OXFORD, England (CNS) — Archbishop Stanislaw Wielgus has become the new head of the Warsaw Archdiocese, despite findings by a church commission that he collaborated with Poland’s former communist secret police.
“From the material presented, it seems various bad intentions and attitudes about the church are being attributed to me,” Archbishop Wielgus said in a Jan. 5 statement. “This is a falsification. There is absolutely no documentation to prove it, beyond the words of functionaries who viewed my person and the whole issue in their own way.
“I never betrayed Christ and his church in deeds, words or intentions. I never inflicted any harm on anyone,” the bishop said.
The statement was released three hours before Archbishop Wielgus formally assumed office in the archbishop’s residence of the Polish capital, Warsaw. Cardinal Jozef Glemp, retired archbishop of Warsaw, welcomed his successor.
An installation Mass was planned for Jan. 7.
A specially appointed church commission confirmed media claims that Archbishop Wielgus had collaborated knowingly with Poland’s communist-era secret police, or SB.
The archbishop said he met with the secret police on numerous occasions in the 1960s and 1970s while training for the priesthood and working as a pastor in the eastern city of Lublin and had been “induced by screams and threats” to sign a declaration of collaboration during a “moment of weakness” before traveling to Germany in 1978.
However, he rejected allegations that he had obtained an apartment and study grant for revealing information on fellow clergy and Poles living abroad.
“The insinuations contained in this material that I allegedly planned a lengthy stay abroad for spying purposes are nonsense. Nothing like this ever entered my head,” said Archbishop Wielgus.
“I don’t want to justify myself, and I know I shouldn’t have maintained any relations with the secret services of communist Poland. I also very much regret that I went on trips abroad, which led to these contacts. It seemed to me at the time, however, that I had a duty to undertake useful academic research and training for the good of the church.”
Archbishop Wielgus, previously a medieval philosophy professor, was named Dec. 6 to succeed Cardinal Glemp. A Dec. 20 report by the conservative Gazeta Polska weekly accused him of having been a “trusted collaborator” of the secret police for 22 years.
A church commission said Jan. 5 that it had also seen “numerous important documents, confirming a readiness for deliberate and secret collaboration” and indicating that “collaboration took place.”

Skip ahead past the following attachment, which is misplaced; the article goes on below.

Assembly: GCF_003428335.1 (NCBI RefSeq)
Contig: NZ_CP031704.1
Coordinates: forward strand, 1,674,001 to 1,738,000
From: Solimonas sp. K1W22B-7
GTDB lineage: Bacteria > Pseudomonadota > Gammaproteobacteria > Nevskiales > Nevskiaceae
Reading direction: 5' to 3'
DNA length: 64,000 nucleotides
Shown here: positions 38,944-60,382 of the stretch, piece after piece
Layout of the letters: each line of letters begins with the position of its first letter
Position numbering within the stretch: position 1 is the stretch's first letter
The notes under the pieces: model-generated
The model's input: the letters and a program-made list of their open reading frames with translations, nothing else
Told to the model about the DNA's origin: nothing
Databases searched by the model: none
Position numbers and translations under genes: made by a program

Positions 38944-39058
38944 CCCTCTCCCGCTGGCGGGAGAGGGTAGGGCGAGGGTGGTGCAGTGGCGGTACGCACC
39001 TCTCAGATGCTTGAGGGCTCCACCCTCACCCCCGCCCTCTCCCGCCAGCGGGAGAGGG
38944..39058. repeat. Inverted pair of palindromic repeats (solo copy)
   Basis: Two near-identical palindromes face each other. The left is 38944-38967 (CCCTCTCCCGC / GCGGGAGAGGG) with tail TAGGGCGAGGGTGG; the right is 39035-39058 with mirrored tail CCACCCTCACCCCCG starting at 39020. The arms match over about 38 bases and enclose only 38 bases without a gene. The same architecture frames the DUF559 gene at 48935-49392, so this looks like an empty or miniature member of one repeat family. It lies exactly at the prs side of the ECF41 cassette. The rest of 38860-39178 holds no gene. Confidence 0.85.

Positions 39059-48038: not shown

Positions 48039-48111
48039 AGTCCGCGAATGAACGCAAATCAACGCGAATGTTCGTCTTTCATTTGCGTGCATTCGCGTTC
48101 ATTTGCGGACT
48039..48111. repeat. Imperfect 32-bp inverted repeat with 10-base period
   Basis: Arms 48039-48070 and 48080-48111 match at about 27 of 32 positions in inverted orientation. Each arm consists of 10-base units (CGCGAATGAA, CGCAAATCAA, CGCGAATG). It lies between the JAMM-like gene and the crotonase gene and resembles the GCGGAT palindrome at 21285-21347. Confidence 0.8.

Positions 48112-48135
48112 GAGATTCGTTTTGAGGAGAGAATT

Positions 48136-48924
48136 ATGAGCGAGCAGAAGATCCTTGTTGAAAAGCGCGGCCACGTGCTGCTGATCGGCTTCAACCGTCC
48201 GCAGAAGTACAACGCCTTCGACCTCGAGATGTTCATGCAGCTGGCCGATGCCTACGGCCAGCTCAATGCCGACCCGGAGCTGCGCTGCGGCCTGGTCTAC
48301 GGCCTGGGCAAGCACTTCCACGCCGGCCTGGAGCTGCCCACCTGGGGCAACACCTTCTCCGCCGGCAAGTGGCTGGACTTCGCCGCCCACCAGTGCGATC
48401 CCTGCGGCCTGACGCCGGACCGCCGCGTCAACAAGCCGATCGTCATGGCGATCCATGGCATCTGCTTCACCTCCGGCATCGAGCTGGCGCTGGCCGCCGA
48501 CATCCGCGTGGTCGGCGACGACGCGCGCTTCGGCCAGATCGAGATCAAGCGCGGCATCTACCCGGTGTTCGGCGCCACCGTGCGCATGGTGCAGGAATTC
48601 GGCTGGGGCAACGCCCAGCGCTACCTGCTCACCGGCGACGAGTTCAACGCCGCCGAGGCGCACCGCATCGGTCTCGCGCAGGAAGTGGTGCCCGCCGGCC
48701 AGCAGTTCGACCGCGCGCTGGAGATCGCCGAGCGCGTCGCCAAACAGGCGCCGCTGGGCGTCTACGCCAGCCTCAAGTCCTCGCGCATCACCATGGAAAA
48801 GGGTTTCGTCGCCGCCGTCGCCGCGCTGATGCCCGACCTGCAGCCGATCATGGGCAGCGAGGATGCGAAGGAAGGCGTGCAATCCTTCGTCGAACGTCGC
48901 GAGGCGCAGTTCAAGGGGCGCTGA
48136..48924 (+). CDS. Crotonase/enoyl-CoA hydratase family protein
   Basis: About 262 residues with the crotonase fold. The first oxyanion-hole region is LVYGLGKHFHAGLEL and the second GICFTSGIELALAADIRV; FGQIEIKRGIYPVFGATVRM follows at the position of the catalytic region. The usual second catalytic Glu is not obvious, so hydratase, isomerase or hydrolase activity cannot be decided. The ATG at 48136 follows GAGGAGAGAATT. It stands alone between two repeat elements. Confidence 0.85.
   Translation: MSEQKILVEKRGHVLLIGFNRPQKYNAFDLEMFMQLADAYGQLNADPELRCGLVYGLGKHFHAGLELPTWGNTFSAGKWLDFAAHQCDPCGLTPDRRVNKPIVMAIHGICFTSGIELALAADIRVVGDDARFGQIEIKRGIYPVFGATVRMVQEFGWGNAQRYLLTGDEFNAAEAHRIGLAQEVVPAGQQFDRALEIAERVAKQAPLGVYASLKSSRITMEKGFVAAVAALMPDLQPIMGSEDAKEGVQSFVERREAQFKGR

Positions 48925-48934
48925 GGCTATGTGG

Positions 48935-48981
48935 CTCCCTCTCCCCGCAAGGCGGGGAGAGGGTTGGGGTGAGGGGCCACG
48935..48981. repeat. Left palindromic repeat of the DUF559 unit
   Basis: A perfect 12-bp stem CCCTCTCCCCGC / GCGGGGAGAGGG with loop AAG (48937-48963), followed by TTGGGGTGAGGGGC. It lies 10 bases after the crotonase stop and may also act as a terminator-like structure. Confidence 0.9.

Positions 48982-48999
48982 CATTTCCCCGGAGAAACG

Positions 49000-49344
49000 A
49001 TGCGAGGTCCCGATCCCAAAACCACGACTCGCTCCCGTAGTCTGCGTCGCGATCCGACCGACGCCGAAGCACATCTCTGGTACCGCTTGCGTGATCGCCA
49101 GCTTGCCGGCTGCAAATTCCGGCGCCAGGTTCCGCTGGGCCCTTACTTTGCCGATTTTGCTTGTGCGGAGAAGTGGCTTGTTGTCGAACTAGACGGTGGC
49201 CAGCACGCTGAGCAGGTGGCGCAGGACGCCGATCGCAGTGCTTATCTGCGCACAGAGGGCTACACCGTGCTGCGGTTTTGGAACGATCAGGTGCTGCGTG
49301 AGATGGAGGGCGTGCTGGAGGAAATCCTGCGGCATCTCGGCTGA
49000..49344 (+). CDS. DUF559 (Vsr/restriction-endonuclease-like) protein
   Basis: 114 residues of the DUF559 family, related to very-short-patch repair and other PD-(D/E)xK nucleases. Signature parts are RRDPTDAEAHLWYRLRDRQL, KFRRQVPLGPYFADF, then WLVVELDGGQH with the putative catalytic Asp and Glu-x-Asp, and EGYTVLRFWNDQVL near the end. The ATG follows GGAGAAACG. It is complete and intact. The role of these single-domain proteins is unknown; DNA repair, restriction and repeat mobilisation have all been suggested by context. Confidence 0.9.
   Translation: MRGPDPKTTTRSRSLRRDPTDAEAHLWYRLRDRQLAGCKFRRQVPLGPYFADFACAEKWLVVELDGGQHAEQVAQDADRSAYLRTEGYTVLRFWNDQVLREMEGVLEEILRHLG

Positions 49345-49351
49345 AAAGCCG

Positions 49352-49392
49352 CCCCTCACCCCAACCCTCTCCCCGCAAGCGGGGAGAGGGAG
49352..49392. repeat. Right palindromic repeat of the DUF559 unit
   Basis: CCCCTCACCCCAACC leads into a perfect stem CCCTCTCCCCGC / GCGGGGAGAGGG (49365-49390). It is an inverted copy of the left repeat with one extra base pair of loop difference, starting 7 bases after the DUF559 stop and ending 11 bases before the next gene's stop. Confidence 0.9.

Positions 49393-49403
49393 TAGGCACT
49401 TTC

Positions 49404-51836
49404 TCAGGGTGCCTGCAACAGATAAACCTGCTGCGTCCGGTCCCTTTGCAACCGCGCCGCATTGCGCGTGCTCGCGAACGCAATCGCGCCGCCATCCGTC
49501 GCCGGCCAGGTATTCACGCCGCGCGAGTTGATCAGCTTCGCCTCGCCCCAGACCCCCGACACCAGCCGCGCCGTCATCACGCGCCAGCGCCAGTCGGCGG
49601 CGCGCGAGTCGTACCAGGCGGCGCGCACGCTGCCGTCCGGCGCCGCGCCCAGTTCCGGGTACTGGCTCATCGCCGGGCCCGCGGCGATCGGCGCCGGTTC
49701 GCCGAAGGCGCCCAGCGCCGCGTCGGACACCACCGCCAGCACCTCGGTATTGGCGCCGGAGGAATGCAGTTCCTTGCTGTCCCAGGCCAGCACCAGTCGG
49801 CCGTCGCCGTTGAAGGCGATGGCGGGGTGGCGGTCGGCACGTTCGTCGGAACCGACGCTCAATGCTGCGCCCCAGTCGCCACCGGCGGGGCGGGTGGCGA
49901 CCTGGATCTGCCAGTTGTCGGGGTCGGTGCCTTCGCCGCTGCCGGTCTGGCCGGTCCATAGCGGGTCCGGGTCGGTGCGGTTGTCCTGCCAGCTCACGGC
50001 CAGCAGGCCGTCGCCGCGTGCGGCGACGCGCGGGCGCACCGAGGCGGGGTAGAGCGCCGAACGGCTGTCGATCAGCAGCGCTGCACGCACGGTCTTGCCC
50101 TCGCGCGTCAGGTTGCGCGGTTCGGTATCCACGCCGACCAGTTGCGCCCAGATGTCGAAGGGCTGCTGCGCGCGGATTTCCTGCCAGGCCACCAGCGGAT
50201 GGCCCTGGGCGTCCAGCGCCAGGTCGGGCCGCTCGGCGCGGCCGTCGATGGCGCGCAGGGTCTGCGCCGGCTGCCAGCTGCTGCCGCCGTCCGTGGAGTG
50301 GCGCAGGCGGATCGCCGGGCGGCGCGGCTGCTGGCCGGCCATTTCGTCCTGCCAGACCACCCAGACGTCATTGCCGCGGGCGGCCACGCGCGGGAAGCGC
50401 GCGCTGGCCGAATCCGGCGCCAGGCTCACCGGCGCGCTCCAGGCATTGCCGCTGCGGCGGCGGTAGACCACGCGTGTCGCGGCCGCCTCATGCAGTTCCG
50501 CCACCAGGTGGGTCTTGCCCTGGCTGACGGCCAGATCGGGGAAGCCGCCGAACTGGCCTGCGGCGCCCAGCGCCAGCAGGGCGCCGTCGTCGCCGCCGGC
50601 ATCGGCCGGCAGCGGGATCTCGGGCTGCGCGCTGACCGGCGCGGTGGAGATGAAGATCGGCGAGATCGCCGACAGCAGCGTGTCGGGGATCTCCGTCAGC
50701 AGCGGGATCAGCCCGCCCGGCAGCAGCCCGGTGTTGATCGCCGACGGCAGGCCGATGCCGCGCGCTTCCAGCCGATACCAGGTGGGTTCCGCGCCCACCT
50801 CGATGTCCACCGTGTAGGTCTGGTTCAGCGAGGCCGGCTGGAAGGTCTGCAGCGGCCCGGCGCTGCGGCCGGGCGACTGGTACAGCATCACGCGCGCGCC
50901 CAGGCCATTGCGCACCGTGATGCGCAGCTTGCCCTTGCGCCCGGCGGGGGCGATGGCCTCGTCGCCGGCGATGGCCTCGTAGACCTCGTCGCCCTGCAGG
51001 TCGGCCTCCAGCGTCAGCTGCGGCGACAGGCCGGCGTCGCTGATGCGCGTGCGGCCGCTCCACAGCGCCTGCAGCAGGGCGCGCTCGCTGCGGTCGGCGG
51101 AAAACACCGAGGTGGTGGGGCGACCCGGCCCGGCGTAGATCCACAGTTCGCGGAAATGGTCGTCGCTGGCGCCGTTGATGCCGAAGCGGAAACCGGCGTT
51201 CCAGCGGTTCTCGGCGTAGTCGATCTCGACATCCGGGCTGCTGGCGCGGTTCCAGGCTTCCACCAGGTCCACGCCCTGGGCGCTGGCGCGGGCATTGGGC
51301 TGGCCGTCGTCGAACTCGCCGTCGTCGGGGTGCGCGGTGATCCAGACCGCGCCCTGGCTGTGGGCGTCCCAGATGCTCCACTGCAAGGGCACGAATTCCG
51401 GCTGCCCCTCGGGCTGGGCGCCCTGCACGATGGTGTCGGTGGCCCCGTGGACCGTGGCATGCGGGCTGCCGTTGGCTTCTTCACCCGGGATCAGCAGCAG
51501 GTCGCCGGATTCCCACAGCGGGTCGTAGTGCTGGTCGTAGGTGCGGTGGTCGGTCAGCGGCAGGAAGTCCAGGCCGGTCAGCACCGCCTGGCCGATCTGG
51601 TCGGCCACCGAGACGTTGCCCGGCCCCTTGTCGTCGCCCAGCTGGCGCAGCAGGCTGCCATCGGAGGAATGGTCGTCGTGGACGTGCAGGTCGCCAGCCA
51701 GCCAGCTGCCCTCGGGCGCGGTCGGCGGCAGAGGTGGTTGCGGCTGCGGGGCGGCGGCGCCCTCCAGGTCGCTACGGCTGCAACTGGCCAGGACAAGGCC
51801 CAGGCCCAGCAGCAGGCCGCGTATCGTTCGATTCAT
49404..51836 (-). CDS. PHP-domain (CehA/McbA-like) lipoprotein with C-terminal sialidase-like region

The commission said secret police collaboration had been banned under communist rule by the Polish bishops’ conference. It added that it had no direct evidence that then-Father Wielgus’ activity had “caused damage to anyone” but said it was possible new material on his role could be found and analyzed.
The allegation was deplored by priests from the Plock Diocese, where he formerly was bishop, and officials from Poland’s Catholic University of Lublin, where Archbishop Wielgus was rector from 1989 to 1998.
A Vatican statement also rejected the allegation Dec. 21. It said the pope had shown “full confidence” in Archbishop Wielgus, after Vatican officials took “account of all his life circumstances, including those connected with his past.”
However, Janusz Kochanowski, the Polish government’s commissioner for civil rights, said in a Jan. 4 statement that his own commission had concluded there was “no doubt” about the archbishop’s “deliberate secret cooperation” with the Interior Ministry’s Department Four, which monitored and controlled church activities.
Poland’s National Remembrance Institute, which has control of secret police archives, estimates that 10 percent of Catholic clergy acted as informers under communist rule.
Several senior priests and two other bishops were named in newspapers during 2006 as suspected informers. In November, Bishop Wiktor Skworc of Tarnow denied collaborating after his name was found in secret police files.
In a Jan. 5 survey by Poland’s Dziennik daily, 67 percent of Poles said they believed former collaborators were unfit for high office in the church, while 46 percent said they would be reluctant to make their confession to an ex-informer.
However, 20 percent said there was no need for the archbishop to resign.